Where's Your Line?

Sunday musings...

Where's your line?

How do you create what you do,  how you do it,  how you are seen, how you are heard, without being over-saturated by opinion,  idea,  influence and more?

Everybody has an opinion:  on your voice,  your head shot,  your resume format,  your audition material,  your type,  your fach,  your place in the business,  who you should be seen by,  who you should be managed by...

Are you tired yet?

I love what I do.  I love singing and acting and creating; I love helping singing find their voices, and helping them develop what is truly theirs to embody and own.

The rest?  Fatigues me too.

Everybody has an opinion.  Even the so-called "experts".  How you do you riddle it out?  Who do you believe?  How do you navigate this crazy thing called "show business" in any genre?

Oh, if I had the magic answer to THAT,  I would be offering scholarships left, right and center!

But, how do you?  What do you?  

At the end of the day,  knowing everybody has an opinion, and it doesn't have to be taken personally,  even though it feels personal, is crucial.  

Trusting your gut,  watching for red flags,  is absolutely crucial.  You may not even KNOW what you need to do,  but often you know what NOT to do,  or what NOT to listen to.  

Trying to keep a cool head when collecting information,  even if it sparks your passion,  is probably an important idea to consider.  

Even my FATHER told me that when I left his care and went out on my own,  I would then decide what I would take with me and what I would discard, to begin to create my own way.  

So it should be, in the business of you.

Yes,  collect ideas.  Accept them as the information they are, but in doing so, does not mean you have to take them in and make that change. 

Here's something else:  sometimes people will say you need something else, something new, something different, but they won't say what that something is.  Red flag.  If they can't say why and give you a tangible,  then it's not that urgent.  It may be something to file away to consider later when you have more information.  It isn't the time to make a big change "just because".

I see many performers "trying too hard" and wanting to do the right thing, by simply forgetting that their gut, their sense of self,  their compass,  is strong enough to trust FIRST,  before allowing someone else make a decision about their sound, their craft, their presence.  

And,  on the other side,  I see performers who perhaps fell for that "trying to please",  and are now exhausted, jaded and won't trust at all.

There has to be somewhere in the middle.  There has to be a little bit of openness to hear a suggestion, with a little bit of query that will ask why.

If we aren't asking why,  we won't differentiate between those who are truly trying to help and support us,  with those who are simply trying to exploit us.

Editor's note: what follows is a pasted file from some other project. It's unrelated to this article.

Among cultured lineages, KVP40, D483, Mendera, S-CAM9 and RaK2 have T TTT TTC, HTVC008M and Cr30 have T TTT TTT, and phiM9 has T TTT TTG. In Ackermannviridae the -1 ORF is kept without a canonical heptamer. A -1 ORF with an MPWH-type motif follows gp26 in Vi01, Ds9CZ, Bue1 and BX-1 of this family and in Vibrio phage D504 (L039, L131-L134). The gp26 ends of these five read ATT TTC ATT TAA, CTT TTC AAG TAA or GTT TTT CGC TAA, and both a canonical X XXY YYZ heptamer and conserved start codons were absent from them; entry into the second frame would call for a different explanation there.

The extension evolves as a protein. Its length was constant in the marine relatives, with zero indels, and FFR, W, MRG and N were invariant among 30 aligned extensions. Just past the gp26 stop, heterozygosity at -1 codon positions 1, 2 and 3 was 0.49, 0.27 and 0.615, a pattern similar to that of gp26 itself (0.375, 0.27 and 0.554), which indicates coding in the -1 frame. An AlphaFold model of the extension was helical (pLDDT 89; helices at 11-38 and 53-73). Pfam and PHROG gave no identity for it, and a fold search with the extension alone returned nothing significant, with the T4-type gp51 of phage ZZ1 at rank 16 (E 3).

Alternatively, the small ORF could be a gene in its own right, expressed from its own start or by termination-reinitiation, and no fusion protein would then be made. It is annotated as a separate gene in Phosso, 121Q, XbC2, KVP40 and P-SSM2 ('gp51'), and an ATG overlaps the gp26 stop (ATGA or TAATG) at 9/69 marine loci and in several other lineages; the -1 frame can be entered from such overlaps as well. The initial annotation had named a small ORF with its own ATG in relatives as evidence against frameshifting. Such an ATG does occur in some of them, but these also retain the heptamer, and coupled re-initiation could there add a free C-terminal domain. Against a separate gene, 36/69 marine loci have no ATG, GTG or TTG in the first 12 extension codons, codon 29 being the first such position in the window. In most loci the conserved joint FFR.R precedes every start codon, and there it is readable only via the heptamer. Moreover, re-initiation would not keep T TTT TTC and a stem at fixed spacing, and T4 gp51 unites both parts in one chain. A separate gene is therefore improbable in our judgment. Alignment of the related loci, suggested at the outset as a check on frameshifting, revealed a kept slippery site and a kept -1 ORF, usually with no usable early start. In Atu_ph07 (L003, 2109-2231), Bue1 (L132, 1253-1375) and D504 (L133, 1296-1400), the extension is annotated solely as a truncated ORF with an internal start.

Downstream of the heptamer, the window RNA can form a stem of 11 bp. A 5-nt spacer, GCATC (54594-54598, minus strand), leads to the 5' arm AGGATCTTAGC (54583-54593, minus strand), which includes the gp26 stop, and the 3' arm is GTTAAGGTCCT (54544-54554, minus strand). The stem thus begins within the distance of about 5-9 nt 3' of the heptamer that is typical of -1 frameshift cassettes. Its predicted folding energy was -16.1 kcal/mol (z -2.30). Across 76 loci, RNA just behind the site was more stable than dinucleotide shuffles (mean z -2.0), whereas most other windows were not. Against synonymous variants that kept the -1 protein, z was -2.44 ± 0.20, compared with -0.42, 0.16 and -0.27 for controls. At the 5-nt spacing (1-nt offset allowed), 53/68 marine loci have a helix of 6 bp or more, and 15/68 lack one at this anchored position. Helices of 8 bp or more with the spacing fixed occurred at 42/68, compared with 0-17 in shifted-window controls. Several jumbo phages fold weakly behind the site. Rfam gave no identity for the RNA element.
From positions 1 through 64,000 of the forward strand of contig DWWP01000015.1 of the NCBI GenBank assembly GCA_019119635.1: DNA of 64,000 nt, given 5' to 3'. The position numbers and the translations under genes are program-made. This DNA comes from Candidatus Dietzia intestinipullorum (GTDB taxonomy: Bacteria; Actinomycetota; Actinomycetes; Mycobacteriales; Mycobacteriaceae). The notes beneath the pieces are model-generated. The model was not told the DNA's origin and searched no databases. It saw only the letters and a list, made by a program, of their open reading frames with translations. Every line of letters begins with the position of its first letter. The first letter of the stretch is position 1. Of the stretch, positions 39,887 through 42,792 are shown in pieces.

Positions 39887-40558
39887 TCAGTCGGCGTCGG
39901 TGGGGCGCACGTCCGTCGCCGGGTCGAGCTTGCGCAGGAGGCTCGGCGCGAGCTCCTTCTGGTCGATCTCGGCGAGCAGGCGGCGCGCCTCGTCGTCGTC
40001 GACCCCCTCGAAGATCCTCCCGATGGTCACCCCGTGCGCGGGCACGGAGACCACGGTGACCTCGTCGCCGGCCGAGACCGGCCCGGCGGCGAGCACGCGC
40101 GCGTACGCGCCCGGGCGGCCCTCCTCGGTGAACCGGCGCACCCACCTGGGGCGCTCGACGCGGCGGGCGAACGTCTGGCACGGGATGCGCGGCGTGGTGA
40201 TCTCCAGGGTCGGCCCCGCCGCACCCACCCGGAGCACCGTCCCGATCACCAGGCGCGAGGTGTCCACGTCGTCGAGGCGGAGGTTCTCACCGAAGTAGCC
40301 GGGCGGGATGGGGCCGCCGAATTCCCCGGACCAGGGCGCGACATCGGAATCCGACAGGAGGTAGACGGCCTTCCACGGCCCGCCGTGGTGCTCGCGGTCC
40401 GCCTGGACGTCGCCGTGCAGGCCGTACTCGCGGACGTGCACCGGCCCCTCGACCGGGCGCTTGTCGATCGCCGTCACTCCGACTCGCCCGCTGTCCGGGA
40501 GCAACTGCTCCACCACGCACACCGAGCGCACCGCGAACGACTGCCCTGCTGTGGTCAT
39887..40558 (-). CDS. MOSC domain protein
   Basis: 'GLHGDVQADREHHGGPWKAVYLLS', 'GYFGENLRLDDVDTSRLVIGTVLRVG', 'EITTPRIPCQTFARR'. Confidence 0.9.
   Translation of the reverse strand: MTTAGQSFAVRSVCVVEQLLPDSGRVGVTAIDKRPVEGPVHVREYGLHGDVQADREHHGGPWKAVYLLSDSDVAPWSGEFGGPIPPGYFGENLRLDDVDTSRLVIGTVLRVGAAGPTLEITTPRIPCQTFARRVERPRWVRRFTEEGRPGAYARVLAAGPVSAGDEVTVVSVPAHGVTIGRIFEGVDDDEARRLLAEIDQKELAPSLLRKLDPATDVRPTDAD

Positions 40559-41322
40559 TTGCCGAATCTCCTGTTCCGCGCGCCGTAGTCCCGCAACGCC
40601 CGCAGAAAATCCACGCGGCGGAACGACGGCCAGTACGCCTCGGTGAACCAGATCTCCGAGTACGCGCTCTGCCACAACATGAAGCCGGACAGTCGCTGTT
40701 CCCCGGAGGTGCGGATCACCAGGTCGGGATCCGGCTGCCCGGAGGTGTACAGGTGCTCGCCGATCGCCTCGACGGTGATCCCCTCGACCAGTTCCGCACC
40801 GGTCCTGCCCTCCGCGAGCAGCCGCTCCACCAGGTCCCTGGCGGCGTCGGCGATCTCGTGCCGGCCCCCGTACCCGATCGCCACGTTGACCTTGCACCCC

Yes, every casting director,  every artistic director,  will want to see/hear something differently.  They have their likes and their pet peeves.  Do your research and know what makes the best sense to present while in that particular room.  It doesn't mean you change YOU.  It means you dress it a little differently;  you approach it a little differently;  you bend it a particular way,  to catch the eye of who is observing.  

It's not all or nothing!  How do you adjust without completely feeling like you have to redo?  An overhaul - be it repertoire,  head shots, type,  website,  and more - doesn't have to be constant. You need time and attention to inhabit what you are, who you are, why you are in order to discover the subtle effects of you in any given situation.  If you changed every time someone told you they didn't like something,  it would never feel authentic!

Why?

Because it's not coming from YOU.  The outside influence can be felt and explored, but at the end of the day, it's about what is coming from YOU.  What do you want to reveal?  Who do you want to be?  Why are you there?  Where do you want to go?  How do you want to approach it all?

So,  collect the information.  Try things on.  See how opinions fit, or don't.  An opinion is not a fact FOR YOU.  At least, not necessarily.  Take it under advisement.  Live with it for a bit,  if it feels like it might resonate, but don't commit to anything until you've done some exploration.  

I say it again:  TRUST. YOUR. GUT.   

You may not even have the knowledge yet, as to why,  but trust what your gut gives you.  Don't dismiss it.  

Even when it feels right,  don't jump immediately.  Take a minute.  Breathe.  

At the end of the day,  YOU have to be the lead on this.  Nobody else,  but you.  

Discover who you trust and why; Explore many options and collect ongoing information to give you all possibilities.

Then,  be you.  live you.  breathe you.

Nobody knows you,  like you.  We want to see and experience YOU.  

So,  where's your line?  When's your "enough"?  You got this.  You really do.

Susan Eichhorn Young covers all things voice—strong and sophisticated singing and speaking. 

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